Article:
Worse than Slavery
Worse than slavery was written by David Oshinsky. The writer tells the story of a structure that was implemented after the civil war in the south. David explains the whole story after the civil war where conflict labor was implemented in the system as a replacement to slavery against the Negros present in Mississippi and south. The two ways in which white southerners utilized the criminal justice system to uphold power over afresh freed blacks were offender leasing and system inside the farm of parchment. Blacks used to get imprisoned for crimes easily and get a harsh judgment consisting of harsh punishments.
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The book sheds light upon the circumstances that blacks had to face after their freedom from slavery. The book verifies the life that these newly freed men had to face on a daily basis, and it made me ponder that how a human can be part of such horrific acts and how other people let this happen to them. According to law, slavery was abolished, but how could slavery be abolished from the minds of the whites, who have been practicing slavery since their births. The slavery was just a word wiped out from the law; nothing that happened afterward is different from slavery or in other words, was worse than slavery. After the long earned freedom that was right of blacks from the start, things got uglier. Whites could not bear blacks walking beside them as free men. They have been ruling their bodies and minds for years. How could they acknowledge that the people that were inferior to them for centuries are now to become their fellowmen? Whites didn`t realize that they were both the same from the start as both came from a mother shared the same blood and flesh and had the same needs and desires as others. Though Lincoln abolished slavery, still, slavery had been removed from the minds of whites, and no one could do that. With black being free, whites started fearing that blacks would take over them and treat them the same way they did. To maintain their supremacy and power whites came up with laws the harsher laws and that treated blacks differently than whites. The blacks would get harder punishments for their crimes and will endure physical punishments as well, whereas whites had short and less serious punishments.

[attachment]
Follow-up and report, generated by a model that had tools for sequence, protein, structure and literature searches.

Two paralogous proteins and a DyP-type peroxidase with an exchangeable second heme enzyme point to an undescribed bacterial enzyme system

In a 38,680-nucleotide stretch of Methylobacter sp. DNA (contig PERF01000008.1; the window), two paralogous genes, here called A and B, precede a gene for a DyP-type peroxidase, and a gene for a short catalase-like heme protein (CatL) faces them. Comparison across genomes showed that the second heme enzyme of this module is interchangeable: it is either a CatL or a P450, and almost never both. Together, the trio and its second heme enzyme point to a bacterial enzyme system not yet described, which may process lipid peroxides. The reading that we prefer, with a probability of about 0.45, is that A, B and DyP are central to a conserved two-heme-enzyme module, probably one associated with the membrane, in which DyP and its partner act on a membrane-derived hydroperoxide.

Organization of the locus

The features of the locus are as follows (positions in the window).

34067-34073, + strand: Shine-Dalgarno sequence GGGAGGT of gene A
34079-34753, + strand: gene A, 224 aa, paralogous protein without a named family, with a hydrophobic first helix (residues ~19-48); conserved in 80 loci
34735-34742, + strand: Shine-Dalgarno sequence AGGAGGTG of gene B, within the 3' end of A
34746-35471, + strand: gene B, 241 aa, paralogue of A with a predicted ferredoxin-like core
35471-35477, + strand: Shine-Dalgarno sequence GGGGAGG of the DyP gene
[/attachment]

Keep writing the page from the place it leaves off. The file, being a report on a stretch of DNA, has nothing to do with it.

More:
As soon as blacks got freed, whites devised another way to use and enslave them. They started leasing blacks out to carry out crimes. Some blacks went to the plantation that they have been doing before freedom, but their life there had worsened than before. The laws were partial to black people. Black was considered replaceable and worthless. Only people who had to gain some personal favor from them would consider them worthy. Blacks were kept uneducated by the whites during times of slavery. They knew that if blacks were to get the education, they would start to resist their master. Whites knew that their power lies in their illiteracy. After the freedom blacks became unemployed, and as they had no education, they were, they were unable to get jobs. Most of the blacks were unable to support their families, which made them commit crimes. Whites knew it all along, and they did nothing to support and get those blacks back onto the track. In fact, they used this as an opportunity by leasing them for convicting crimes or by capturing them for stealing food or other things. They would then send them to prisons and impose heavy fines on them and sentence them to longer punishments. Blacks would have no money to pay their fines or hire lawyers. Hence, they would spend the rest of their free lives not so free in prison.